In the early days of the colony at Jamestown, Virginia, surviving was very difficult. During the starving time of 1609 to 1610, 500 were reduced to 60. They had trouble growing food but did learn to grow tobacco. They sent their first profitable cargo to England in 1617, but needed more labor than the white indentured servants could provide. They couldn't enslave the indigenous people because there were too many of them.

The answer to their problem was slaves from Africa. A million blacks had already been delivered to Portuguese and Spanish colonies in South America and the Caribbean. In 1619, the first cargo of 20 slaves was delivered to Jamestown. Some of these black people had been captured in the interior of the continent and marched to the coast, shackled about the neck, and under whip and gun. Two out of five died along the way. Survivors were caged, inspected for quality, branded as to owner, and awaited shipment to American. One out of three didn't survive the crossing. Even with such losses, slavery was very profitable, and by 1800 10 million to 15 million black people had been transported to America as slaves.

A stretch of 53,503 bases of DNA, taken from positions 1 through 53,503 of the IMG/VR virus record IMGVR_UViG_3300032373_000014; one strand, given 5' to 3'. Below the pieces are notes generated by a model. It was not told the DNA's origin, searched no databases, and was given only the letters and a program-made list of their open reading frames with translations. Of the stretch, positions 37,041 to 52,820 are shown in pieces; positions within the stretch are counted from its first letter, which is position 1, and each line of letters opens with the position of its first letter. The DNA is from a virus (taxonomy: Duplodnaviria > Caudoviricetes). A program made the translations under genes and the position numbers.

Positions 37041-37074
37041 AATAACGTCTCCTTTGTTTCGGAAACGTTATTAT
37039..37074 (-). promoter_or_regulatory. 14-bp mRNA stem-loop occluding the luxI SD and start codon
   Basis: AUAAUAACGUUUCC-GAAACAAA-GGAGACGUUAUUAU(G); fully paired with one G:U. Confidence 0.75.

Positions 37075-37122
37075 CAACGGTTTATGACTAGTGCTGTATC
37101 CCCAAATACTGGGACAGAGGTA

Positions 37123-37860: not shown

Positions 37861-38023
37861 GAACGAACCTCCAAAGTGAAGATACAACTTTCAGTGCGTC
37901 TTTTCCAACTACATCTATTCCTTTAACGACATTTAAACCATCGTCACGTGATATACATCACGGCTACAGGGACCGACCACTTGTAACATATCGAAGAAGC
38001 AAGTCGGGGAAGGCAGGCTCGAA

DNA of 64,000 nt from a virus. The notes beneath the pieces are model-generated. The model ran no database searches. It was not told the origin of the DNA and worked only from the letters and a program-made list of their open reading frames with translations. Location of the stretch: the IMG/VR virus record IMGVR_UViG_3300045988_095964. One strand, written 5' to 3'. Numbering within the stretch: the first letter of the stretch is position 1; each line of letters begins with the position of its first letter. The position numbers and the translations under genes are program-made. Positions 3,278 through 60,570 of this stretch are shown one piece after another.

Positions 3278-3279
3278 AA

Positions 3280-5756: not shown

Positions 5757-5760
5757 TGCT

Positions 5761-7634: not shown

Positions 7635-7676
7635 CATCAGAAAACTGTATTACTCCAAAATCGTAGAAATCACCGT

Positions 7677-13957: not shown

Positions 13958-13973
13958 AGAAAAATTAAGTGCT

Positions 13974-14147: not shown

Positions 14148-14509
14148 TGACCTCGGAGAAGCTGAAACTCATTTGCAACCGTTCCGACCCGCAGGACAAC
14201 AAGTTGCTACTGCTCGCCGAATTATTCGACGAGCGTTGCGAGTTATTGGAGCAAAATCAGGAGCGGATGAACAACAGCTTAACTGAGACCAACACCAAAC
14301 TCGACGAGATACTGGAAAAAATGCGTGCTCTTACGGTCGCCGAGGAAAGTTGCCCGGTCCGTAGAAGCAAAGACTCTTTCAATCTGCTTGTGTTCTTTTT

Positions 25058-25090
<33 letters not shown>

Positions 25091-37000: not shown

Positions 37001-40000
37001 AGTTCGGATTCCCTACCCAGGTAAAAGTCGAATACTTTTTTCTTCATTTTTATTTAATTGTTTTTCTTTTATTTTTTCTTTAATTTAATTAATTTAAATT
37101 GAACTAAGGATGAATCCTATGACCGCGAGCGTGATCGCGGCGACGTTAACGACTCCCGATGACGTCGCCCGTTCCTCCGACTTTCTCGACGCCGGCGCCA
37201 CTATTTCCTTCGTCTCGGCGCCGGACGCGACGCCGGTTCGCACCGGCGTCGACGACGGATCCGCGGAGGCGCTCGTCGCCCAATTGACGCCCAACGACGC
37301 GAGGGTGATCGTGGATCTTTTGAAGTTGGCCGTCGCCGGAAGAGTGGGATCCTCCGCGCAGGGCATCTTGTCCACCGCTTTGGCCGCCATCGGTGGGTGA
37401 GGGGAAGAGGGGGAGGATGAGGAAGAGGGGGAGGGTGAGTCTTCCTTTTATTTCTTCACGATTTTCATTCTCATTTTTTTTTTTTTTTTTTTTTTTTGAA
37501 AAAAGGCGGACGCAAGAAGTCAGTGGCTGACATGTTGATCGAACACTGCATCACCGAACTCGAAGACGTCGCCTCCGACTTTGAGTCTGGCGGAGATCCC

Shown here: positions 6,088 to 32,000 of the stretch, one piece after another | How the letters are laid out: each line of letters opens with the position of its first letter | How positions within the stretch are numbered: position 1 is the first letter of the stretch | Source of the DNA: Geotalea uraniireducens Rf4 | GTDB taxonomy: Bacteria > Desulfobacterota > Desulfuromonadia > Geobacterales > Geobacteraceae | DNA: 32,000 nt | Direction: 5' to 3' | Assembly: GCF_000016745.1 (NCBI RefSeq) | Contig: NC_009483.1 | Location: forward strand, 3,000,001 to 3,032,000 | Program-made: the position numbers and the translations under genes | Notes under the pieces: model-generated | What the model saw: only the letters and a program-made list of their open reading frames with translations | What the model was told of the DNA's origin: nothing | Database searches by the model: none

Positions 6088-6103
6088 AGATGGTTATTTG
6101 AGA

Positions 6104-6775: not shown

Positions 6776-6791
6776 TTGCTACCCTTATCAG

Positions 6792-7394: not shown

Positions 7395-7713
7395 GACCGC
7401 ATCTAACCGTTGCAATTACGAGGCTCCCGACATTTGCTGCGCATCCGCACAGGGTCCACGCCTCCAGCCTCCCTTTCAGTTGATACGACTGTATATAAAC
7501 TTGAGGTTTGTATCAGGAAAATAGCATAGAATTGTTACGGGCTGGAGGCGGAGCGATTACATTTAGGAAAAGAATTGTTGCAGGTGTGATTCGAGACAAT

There was nothing new about slavery, but American slavery was the most cruel for two reasons: The insatiable capitalist drive for profit and the reduction of the slave person to subhuman status.

Frederick Douglass in 1852 said, "Go where you may, search where you will, roam through all the monarchies and despotism of the Old World, travel through South America, search out every abuse and when you have found the last, lay your facts by the side of the everyday practices of this nation, and you will say with me that, for revolting barbarity and shameless hypocrisy, American reigns without a rival..."

Bruce Dunn

Butternuts.

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